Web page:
July 29th, 2013
By Max McKeown
When Li Ka-Sing was just 15, his father died. The teenager was left to support his mother, sister and brother by selling plastic belts in Hong Kong. Just months after he became the breadwinner, in 1943, the Japanese army invaded. The occupation chaos lasted three years and eight months, creating an environment of chaotic uncertainty, hyper-inflation, rationing, and violence.
Young Li was incredibly fast at moving from intuition to action. He worked from being a street-seller to wholesaler, to general manager in just four years. By his 22nd birthday he had enough credibility to borrow money to start his own plastics company. Every year since he has made a profit. He is now a billionaire. Known in Asia as ‘Superman’, he is the world’s ninth richest person.
So what is the secret of Li’s success? He explained that he is better than his competitors at observing market conditions and seizing good opportunities. He looks for ‘multiple opportunities’ and then takes action according to the situation with adaptability. All success is success adaptation, and superman is no exception.
Always obsessed by how things worked, he asked questions even when selling cheap plastic belts. He went to Italy to learn to manufacture high quality plastic flowers, and with this knowledge became the global ‘king of flowers’. He started Orange in 1992 and sold it for a cool $33 billion. He wakes at 5.59am to listen to the 6am news so he can recognise new trends and adapt. He is the epitome of entrepreneurial adaptability.
How do you become an adaptive superman? Well, my research and experience has identified four levels of adaptability. You might want to decide which level you have reached. Are you on the verge of collapsing? This may take the form of bankruptcy, permanent unemployment, depression, poor health, unhappiness or even death for you or the business – even before it’s been started.
Are you surviving? It’s better than collapse because you’re coping but the situation isn’t desirable, it may even be miserable. Business is slowing down, or you feel like giving up. Perhaps you’re thriving? The rewards and benefits of your daily efforts are worthwhile. You win more often than you lose. Best of all is transcending. You find a way to change the game.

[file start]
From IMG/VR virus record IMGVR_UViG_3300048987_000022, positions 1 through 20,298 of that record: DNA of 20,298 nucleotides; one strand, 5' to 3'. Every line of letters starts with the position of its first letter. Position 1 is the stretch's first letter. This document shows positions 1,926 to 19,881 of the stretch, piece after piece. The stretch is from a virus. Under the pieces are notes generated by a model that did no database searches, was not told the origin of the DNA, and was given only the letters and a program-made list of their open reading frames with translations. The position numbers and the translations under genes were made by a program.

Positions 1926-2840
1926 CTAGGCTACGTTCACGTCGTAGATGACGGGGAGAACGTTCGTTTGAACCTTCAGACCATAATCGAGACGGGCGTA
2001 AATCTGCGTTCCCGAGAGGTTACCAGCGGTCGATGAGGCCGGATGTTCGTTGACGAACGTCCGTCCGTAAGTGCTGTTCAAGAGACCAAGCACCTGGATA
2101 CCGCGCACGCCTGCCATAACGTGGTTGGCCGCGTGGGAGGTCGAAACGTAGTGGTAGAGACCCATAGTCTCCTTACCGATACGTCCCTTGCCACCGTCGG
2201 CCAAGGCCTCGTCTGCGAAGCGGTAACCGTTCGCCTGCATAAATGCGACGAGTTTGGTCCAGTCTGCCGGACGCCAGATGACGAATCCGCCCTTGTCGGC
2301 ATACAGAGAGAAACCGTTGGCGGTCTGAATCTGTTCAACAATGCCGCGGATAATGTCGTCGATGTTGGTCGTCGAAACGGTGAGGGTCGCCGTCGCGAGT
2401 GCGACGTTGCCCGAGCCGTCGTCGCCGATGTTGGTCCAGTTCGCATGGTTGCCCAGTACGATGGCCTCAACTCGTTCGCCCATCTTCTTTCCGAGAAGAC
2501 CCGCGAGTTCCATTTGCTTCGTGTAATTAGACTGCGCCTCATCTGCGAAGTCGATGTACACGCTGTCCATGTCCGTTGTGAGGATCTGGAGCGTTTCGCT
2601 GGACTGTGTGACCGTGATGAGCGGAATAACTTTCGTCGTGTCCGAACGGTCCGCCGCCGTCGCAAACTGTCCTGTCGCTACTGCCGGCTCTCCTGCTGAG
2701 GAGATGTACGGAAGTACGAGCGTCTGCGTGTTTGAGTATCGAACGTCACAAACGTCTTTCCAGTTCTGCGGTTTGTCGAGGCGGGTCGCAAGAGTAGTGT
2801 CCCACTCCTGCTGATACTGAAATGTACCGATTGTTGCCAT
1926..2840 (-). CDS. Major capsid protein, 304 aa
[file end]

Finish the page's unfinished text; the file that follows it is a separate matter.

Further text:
In a major study into entrepreneurs who were Harvard Business School graduates, half succeeded and half failed. Spending £100,000 on an education taught them to write a business plan to get the investment to start the business. Unfortunately, studying, planning and money didn’t guarantee success. And there’s a very simple secret that explains why.
Half of the start-ups were managed by planners. They felt so confident in their plans they stopped thinking of alternatives as soon as they had money in the bank. They believed their own plans so spent every last pound, dollar, euro and yen on completing Plan A. They put all of their faith in one egg. They ignored better opportunities. They failed to learn. And as a result, nine out of 10 of them failed. Planning never guarantees success. Only adaptation guarantees success.
The other start-ups were led by adaptors. They viewed their original plans as a means to an end. Plan A was a way of organising their thoughts at a particular point in time. The investors were betting on the ability of the entrepreneur to see and grab better opportunities that could create a successful business. As a result, nine out of 10 of these adaptive start-ups succeeded. They kept learning and adapting until they developed alternatives. Success was based on Plan B, and even X, Y and Z.
What should you do next? The first step is to recognise the need for adaptation. No business plan will last forever. Start to notice trends that might allow you to improve your original plan and do something more successful instead. Keep your eyes open.
The second step is to understand the adaptation needed. It’s better to think before you plan. It’s even better to keep thinking after you start working. Fast learning is preferable to fast failure. Talk to people who have tried what interests you, and keep your options open.
The third step is to make the required adaptation. Don’t feel guilty because you have tried and failed in the past. Write a list of what you want, then think about what you can learn about how to succeed in the future. Be confident in your human ability to see opportunity, understand opportunity and grab opportunities. That’s the art of winning in an age of uncertainty. Keep your future open.
Max McKeown works as a strategic adviser for four of the five most admired companies in the world. He is a well-known speaker on innovation and competitive advantage. His latest books are Adaptability: The Art of Winning in an Age of Uncertainty and The Strategy Book.